Ray rescinds budget, joins TIF fight

Staff Writer

The Ray Elementary School local school council (LSC) wrote a letter to Chicago Mayor Rahm Emanuel stating that the school will not accept the proposed budget given to them from Chicago Public Schools (CPS).

In its attempt to dissolve its deficit, CPS, which the mayor governs, has cut school budgets across the city. The school system also announced an unprecedented number of school closures for the 2013-2014 school year. At its June meeting, the LSC at Ray, 5631 S. Kimbark Ave., accepted the new budget, but voted to rescind its decision at its July meeting and join several other schools in demanding that the mayor and CPS increase the amount allocated to each school.

“Your recent budget cuts have created an educational crisis at Ray School,” said the LSC in the letter. “As a ‘receiving’ school in the recent CPS actions we had previously been told that our budget would not be reduced to a figure lower than last year’s budget.”

Ray and Bret Harte, 1556 E. 56th St., were set to receive extra funding as welcoming schools for Canter Middle School, 4959 S. Blackstone Ave., which CPS planned to close the next school year. After several hearings, CPS chose to keep Canter open and start a one-year phase out process, allowing the current students to graduate, but both Ray and Bret Harte still have to add 7th grade this year to receive students graduating from Shoesmith Elementary School, 1330 E. 50th St. Both schools will also have to add 8th grade the following school year.

Despite the additions in space, services and curriculum that must be made, Ray’s budget has been reduced between $400,000 to $500,000, according to the LSC.

“Currently we expect about 25 seventh graders who previously attended Shoesmith and about 40 seventh graders remaining at Ray, for an expected total of 60 to 65 seventh graders,” said Gordon Mayer, chairman of the Ray LSC. “We also currently anticipate about 80 students in sixth grade.”

He said Ray has four teachers set to teach 6th and 7th grade, which will be taught in departmental form. Two teachers who were already at Ray, one who is coming over from Canter to teach math, and one additional teacher will teach the students.

“We really need a fifth teacher position, and I certainly intend to advocate for additional support for that position,” Mayer said. “We recognize other schools across CPS have even bigger challenges but we really, really want that additional teacher.”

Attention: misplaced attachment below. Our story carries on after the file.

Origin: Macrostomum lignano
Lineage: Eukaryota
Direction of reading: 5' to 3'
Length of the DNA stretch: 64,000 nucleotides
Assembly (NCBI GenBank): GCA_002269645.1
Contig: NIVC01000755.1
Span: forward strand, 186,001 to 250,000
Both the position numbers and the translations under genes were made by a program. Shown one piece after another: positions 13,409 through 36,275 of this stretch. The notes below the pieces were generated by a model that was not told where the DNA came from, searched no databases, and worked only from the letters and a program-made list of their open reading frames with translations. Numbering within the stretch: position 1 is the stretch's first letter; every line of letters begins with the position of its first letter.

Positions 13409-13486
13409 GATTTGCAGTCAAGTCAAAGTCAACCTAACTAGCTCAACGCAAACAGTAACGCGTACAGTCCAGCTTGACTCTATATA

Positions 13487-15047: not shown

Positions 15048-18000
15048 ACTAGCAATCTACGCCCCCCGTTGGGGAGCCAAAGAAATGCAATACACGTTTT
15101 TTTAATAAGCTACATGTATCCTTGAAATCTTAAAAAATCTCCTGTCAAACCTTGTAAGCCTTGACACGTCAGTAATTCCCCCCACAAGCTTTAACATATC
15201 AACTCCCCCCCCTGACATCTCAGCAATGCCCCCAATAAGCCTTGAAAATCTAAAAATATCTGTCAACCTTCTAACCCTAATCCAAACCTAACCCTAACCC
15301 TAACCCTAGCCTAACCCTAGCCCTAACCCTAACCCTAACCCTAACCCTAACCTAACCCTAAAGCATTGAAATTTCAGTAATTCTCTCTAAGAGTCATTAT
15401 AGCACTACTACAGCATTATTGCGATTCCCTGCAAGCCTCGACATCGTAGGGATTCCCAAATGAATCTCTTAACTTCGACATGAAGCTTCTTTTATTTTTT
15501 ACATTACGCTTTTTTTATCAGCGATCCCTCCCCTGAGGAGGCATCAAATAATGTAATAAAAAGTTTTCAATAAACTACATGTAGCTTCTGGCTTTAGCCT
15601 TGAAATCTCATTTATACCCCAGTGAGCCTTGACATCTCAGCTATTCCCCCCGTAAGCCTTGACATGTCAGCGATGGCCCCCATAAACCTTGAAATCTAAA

In its letter, the LSC said taking the additional welcoming school funding away and changing its designation to a receiving school is dishonest.

“I fault CPS for messing up the budget three times in a row these past three years,” Mayer said. “Every year … the process seems more broken. With its lateness, its changes, the chaotic process this year and last-minute layoffs, I feel the budget was a blow to the entire system, and further erodes what I think of as core parts of our kids’ education – like art and music.”

“We are required to accommodate the Shoesmith students as well as our own who would have attended Canter Middle School for their seventh grade,” the LSC said in the letter. “We feel that your position and CPS’s dealings in this matter are disingenuous.”

The LSC said, “without a sufficient level of funding, we jeopardize the quality of education that our children deserve and are accustomed to receiving at Ray, a high performing school that traditionally offered language, music, art, a great curriculum and enrichment programs.”

The Ray LSC said it joins the schools around the city in asking the city to declare a Tax Incremental Finance District (TIF) surplus, which would immediately inject a significant amount of money into public education, “and address the financial issues facing Ray and so many other CPS schools at this time.”